A 4:00 AM alarm in the hotel room got us down to race HQ in almost enough time for the 4:30 race meeting where we received the maps and course instructions. The format this year was: ski - posthole - snowshoe - tyrolean traverse - snowshoe - ski. We had about 10 minutes or so to plan our approach to the first couple CPs on the maps and then it was out into the 5:00 frosty air for a mass start on skis.

Quick mapping session before the start in Bolton Valley Nordic Center.     Photo: GMARA
The first ski leg was 2 CPs that were relatively easy to find, then we headed down off the groomed trails toward the first TA. There was some pretty sketchy terrain through this section, especially the final downhill pitch to the TA which was a steep, rutted, iced-over 4x4 track. It should be mentioned that all adventure races are preceded by the participants signing a lengthy waiver so that race directors can feel free to include such features as this.

At TA1, about to set off on the "postholing" leg.      Photo: GMARA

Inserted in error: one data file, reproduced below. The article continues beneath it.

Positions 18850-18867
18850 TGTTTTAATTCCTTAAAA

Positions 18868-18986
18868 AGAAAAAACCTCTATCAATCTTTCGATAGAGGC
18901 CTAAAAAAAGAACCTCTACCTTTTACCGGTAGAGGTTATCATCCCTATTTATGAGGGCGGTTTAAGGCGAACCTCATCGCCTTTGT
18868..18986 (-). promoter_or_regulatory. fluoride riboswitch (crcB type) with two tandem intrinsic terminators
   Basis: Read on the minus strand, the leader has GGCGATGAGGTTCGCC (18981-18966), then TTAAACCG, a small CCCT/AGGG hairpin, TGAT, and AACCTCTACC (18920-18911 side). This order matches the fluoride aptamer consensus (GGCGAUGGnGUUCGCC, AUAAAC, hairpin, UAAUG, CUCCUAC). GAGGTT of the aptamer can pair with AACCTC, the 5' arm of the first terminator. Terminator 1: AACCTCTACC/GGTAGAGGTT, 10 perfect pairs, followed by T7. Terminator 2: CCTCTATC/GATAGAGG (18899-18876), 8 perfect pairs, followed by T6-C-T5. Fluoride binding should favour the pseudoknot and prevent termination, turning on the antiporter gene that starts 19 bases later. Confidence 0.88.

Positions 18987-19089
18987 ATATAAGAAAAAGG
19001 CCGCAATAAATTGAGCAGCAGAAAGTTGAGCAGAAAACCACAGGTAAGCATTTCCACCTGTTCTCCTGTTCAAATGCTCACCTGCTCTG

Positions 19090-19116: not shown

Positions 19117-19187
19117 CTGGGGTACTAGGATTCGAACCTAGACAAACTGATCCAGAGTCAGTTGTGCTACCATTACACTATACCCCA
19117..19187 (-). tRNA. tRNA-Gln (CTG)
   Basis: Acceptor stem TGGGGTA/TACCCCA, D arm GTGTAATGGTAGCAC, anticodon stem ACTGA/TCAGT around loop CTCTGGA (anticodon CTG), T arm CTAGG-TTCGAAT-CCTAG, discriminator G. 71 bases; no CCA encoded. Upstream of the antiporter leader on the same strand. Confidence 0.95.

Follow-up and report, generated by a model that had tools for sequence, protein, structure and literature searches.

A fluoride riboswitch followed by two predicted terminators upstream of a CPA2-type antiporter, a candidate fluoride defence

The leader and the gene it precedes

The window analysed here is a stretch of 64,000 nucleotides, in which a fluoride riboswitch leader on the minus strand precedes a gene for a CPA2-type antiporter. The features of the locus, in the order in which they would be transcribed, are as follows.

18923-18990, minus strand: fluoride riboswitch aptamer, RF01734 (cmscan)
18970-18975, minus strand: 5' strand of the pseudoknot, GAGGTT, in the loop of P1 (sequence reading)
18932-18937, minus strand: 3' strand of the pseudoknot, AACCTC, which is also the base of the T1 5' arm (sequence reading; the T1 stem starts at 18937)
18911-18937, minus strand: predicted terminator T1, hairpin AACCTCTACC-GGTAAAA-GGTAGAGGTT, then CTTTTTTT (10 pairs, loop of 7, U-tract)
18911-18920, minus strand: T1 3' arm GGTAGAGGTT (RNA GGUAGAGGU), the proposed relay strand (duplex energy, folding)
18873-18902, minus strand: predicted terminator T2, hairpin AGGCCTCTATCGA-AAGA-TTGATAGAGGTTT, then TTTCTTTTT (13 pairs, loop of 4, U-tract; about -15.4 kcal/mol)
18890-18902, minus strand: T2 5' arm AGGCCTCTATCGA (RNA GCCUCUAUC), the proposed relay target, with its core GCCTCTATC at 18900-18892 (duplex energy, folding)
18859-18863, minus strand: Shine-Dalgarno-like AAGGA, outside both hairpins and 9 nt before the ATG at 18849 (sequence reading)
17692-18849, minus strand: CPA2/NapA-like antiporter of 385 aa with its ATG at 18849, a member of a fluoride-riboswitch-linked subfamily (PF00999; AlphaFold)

At this first transition area (TA1), we left our skis and set out for 3 postholing CPs. Postholing refers to traveling in deep snow with just your boots on. On the drive up, we were noticing thin snow cover with some bare spots in the woods adjacent to the highway; we figured this would make the backcountry travel a lot easier and faster than in prior races. It wasn't like that at all. The hills were cloaked in 16-24 inches of thinly crusted powder. We were not exactly chewing through the miles, therefore, as we completed this leg of 3 CPs while covering about a mile and climbing a few hundred feet of elevation. As is typical of the early stages of adventure races, but especially the Frigid, where the lead team laboriously makes a deep conspicuous track in the snow, there were a lot of teams moving together in a (now) sweaty Conga line through the deep snow. So no real navigational challenges here, as it had all been done for us by a few teams up the course.

Postholing descent near dawn.